In a still race-divided country, is this good enough? The DA thinks so. The DA is also opposed to introducing punitive measures for companies which fail to comply with BBEEE regulations, which is the major reason why the party did a U-turn on the Employment Equity Amendment Bill. In a nutshell, the DA thinks that harsher penalties will serve as a disincentive to investment and job creation. Instead, they would incentivise companies to comply with employment equity.
“Incentives are a far better intervention,” Mazibuko said; for instance, businesses not being able to work with government unless they are sufficiently transformed. Journalists asked whether the party leaders really thought that employment equity would happen if nobody were policing it. The answer to this seemed to be, pretty much: the current system isn’t working well enough – “certainly the black middle class is bigger but it could be much, much bigger,” to quote Zille – so introducing a harsher version of the current system won’t work either.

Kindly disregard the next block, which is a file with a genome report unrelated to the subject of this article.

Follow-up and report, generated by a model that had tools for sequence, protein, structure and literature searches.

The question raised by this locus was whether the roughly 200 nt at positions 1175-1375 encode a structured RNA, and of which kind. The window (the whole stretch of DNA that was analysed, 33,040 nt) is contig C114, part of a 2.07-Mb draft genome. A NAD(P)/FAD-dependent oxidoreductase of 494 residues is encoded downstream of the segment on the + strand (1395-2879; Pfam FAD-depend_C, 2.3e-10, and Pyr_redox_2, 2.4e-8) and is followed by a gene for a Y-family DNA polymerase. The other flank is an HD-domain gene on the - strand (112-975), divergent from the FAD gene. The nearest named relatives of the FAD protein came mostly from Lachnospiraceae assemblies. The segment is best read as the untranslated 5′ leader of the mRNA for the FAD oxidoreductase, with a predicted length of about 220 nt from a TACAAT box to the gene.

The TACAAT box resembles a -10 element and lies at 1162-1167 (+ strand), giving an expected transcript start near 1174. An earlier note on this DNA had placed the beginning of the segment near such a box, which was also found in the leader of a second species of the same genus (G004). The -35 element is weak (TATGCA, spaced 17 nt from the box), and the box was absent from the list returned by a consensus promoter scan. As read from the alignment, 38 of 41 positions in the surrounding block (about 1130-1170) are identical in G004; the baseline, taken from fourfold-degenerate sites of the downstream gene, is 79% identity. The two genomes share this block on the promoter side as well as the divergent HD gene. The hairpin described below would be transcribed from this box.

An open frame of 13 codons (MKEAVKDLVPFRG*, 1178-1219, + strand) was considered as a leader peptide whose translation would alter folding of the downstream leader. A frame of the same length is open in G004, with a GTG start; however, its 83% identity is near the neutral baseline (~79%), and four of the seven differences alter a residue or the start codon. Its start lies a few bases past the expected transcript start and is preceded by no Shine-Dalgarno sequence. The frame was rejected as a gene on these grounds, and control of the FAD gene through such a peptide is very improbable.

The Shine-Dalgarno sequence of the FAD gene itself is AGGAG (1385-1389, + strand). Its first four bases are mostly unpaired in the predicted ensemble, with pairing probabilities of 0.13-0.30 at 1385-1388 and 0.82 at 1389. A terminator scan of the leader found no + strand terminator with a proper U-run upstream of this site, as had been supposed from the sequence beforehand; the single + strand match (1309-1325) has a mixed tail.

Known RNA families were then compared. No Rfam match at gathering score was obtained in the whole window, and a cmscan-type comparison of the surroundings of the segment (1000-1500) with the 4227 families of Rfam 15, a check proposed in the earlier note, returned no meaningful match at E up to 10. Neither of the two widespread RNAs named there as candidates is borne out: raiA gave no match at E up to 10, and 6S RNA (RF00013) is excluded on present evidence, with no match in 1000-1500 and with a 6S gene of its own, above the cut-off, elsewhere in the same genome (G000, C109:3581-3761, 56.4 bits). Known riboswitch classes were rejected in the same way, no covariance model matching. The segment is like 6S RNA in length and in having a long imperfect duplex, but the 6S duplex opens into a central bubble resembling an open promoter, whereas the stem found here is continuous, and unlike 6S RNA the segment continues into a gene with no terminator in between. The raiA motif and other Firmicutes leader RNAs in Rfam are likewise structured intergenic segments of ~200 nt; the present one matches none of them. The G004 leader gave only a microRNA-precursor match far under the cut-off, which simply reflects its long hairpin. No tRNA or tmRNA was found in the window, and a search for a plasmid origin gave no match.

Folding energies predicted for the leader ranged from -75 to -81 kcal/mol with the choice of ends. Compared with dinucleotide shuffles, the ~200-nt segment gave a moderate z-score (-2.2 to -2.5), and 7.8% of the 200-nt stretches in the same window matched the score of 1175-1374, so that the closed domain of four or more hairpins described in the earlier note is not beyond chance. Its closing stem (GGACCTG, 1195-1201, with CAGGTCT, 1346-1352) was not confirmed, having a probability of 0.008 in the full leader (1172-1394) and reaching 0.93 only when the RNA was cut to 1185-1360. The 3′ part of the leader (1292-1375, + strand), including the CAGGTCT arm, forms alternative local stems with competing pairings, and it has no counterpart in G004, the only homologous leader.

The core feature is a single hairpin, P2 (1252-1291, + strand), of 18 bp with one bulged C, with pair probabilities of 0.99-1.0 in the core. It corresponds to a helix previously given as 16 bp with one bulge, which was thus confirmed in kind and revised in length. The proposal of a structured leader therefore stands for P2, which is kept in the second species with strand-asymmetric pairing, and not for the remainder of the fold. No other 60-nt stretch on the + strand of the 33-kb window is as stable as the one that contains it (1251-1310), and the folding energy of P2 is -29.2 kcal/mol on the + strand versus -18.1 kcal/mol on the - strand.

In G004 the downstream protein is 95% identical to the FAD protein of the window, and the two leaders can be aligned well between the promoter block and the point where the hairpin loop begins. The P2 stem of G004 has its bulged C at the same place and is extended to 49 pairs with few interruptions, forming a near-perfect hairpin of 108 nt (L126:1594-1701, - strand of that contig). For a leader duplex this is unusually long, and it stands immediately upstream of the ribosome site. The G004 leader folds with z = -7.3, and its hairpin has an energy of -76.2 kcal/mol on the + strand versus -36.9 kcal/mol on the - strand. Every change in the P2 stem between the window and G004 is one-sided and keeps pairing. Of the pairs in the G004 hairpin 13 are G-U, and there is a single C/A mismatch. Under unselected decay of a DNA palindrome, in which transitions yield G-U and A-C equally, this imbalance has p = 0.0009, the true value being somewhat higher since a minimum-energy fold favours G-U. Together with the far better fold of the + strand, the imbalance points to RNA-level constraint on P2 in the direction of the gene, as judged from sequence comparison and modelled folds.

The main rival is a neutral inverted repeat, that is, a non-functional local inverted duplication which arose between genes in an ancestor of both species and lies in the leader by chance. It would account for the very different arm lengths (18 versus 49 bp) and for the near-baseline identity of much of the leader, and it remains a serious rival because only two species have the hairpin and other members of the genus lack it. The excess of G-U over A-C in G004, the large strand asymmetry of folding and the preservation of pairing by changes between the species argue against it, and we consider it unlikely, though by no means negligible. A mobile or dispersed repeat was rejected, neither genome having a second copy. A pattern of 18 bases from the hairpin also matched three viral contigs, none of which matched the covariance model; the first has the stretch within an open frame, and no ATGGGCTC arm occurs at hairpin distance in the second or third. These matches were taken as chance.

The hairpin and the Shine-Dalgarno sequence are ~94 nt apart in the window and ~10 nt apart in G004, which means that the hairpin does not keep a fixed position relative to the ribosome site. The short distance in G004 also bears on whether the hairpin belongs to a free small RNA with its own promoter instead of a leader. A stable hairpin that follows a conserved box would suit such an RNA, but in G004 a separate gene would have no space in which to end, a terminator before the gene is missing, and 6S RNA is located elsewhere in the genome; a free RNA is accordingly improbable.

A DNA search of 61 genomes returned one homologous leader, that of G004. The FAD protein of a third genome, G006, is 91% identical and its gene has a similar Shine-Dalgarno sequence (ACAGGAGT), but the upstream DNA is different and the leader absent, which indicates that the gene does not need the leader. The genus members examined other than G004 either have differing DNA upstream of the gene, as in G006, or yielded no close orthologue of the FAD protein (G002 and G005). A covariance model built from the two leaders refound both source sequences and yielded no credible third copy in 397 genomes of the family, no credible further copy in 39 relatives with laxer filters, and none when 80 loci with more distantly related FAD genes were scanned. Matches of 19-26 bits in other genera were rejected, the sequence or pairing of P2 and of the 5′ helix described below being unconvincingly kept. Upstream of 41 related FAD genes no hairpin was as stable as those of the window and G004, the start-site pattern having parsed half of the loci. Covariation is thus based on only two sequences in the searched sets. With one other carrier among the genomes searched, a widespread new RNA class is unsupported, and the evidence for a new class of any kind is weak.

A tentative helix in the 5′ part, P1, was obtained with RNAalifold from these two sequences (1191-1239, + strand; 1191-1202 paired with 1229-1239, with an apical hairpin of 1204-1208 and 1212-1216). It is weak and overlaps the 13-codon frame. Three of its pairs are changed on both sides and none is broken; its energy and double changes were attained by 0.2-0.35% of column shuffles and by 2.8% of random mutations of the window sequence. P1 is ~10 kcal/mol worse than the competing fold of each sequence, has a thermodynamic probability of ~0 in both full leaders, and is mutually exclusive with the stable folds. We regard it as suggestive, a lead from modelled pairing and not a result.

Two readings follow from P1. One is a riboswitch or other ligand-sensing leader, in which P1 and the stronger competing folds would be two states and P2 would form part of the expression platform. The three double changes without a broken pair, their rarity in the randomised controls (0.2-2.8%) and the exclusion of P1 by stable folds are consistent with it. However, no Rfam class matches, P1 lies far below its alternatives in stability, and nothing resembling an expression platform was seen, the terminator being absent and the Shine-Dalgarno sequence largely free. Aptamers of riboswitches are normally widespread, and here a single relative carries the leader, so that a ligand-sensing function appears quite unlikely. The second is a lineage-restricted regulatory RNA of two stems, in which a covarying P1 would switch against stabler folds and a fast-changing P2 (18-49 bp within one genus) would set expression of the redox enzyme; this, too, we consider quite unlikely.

The thing about that argument is that you can make the opposite case too. The current system isn’t working, which means that even under threat of penalties, adequate transformation isn’t occurring. Can South African business really be left to their own devices in this regard? When DA staffers were asked afterwards if there was research (the DA loves research) to support the idea that incentives would work better than penalties in this regard, we didn’t receive a clear answer.